The numbering of streets (Calles, in Spanish) increases from north to south (unlike the rest of Medellin city): Calle 1 is at the south of the town, and Calle 120 at its north. Something curious about streets in El Poblado is that the numbering goes from east to west. Also, the streets’ name includes “Sur” (South, in Spanish), whether in the north or south.
El Poblado avenue
El Poblado avenue is the main avenue of El Poblado. It changes its name several times as it goes from the city’s eastern hills to connect northern and southern neighborhoods. The avenue passes by El Poblado Square and Calle 10 (10th Street). Calle 10 is famous for its thriving businesses and nightlife.
The Metro of Medellin has three stations in the El Poblado district. The following stations are on the 1st line going from north to south through Los Industriales avenue to Las Vegas avenue:
- El Poblado Station
- Aguacatala Station
- Ayurá Station
Squares and malls
The most known malls in Medellin are in El Poblado:
- Plaza El Poblado: This Plaza is a historic landmark. In this location, the Spaniards founded the first European settlement in the Aburrá valley in 1616. Despite being the origin of modern Medellin, there aren’t any historical remains of that time. The Plaza follows traditional Spanish architecture: the main building is the church Iglesia San José del Poblado. The Plaza is at the intersection of El Poblado Avenue and 10th Street, this last one a favorite spot by young people because of its nightlife.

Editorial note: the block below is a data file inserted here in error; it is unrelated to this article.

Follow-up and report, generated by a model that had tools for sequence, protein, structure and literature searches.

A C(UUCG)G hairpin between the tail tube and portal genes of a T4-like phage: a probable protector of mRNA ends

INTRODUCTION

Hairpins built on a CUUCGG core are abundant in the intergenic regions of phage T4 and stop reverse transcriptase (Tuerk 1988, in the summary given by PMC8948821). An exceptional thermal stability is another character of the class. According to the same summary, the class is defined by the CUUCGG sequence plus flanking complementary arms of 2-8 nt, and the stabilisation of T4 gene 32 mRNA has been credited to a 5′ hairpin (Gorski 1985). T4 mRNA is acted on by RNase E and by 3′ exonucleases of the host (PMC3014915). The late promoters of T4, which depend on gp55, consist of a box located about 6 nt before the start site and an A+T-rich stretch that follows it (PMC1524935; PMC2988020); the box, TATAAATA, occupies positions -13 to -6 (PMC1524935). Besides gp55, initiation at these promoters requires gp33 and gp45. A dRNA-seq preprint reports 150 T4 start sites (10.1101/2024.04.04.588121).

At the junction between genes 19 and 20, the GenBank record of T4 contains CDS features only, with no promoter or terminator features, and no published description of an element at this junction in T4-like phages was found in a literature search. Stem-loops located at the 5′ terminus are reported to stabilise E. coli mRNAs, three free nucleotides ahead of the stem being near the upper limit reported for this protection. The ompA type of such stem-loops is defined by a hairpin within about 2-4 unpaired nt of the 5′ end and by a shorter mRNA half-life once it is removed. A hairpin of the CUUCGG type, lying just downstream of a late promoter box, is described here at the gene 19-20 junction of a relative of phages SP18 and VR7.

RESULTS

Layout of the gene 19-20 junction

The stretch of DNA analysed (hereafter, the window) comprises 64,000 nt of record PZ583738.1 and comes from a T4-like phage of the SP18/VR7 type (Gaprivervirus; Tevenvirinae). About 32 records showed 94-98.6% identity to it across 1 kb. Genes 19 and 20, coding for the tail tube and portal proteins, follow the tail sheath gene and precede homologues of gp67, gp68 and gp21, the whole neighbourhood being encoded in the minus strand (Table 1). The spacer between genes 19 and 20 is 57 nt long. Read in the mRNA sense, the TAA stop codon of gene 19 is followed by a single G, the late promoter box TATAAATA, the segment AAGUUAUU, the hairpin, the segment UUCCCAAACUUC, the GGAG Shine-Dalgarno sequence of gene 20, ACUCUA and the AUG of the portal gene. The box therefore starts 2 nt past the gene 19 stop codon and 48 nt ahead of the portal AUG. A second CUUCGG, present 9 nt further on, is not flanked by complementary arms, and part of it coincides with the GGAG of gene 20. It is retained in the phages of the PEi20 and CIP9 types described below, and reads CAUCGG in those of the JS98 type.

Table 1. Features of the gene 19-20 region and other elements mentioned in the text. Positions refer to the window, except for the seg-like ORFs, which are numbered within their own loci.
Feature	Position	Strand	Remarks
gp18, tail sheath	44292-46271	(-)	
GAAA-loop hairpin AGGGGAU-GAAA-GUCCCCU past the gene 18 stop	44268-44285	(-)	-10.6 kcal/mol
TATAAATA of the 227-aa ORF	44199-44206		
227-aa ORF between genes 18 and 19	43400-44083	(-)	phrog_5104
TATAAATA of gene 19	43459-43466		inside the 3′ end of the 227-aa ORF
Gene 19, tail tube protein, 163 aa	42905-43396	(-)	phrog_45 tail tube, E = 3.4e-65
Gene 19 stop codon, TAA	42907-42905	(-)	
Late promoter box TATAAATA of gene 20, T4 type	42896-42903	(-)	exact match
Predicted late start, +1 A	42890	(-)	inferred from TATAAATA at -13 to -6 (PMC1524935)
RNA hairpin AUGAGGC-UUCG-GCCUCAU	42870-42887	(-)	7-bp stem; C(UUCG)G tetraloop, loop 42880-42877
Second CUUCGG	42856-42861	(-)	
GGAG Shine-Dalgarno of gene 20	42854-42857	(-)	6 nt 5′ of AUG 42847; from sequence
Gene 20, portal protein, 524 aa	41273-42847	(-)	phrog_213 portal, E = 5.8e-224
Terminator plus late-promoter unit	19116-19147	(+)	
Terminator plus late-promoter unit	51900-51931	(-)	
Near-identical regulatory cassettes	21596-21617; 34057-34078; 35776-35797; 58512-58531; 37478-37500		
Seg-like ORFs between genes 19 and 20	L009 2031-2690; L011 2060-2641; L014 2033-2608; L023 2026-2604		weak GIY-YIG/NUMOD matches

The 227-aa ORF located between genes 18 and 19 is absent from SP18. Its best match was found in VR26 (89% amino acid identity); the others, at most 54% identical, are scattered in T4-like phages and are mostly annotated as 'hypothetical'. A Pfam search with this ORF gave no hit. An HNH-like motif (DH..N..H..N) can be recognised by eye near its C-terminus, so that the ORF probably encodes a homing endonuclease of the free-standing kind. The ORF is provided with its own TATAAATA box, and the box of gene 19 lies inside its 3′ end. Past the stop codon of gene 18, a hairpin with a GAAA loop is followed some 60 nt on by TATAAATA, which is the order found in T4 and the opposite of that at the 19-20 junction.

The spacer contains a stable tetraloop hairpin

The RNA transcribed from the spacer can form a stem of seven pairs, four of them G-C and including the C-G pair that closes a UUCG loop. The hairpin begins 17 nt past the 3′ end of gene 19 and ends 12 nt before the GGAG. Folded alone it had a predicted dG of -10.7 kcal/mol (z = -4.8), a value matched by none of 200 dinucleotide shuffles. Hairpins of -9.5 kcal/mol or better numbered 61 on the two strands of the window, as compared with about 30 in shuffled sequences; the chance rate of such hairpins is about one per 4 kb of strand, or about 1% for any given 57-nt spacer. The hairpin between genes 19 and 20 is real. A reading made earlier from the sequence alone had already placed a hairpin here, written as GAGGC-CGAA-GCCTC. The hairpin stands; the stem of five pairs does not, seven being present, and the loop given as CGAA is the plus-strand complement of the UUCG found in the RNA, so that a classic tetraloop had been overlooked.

- The Lleras Park is between the 9th and 10th Streets and the 35th and 38th Carreras.
The area between Lleras Park and El Poblado Park is also known as Zona Rosa (Pink zone), an informal way to say fancy area. The Zona Rosa is full of nightlife, restaurants, discos, youth gatherings, and other kinds of recreation.
You can enjoy a stroll between El Poblado Park and Lleras Park.
Do you want to know what most visitors say from the El Poblado district?
People say that besides the variety of Real State properties to rent or buy, the architectural transformation makes this district distinct.
Therefore, when living in the town, it is possible to find old houses with vast rooms and modern buildings with complete recreational areas to enjoy with family and friends.
Consider that El Poblado is the most exclusive sector of Medellín. It is part of the Comuna 14 and has 23 neighborhoods. Besides Lleras Park, you can enjoy other places of interest in the district, such as the San Fernando Plaza complex or La Milla de Oro de Medellín.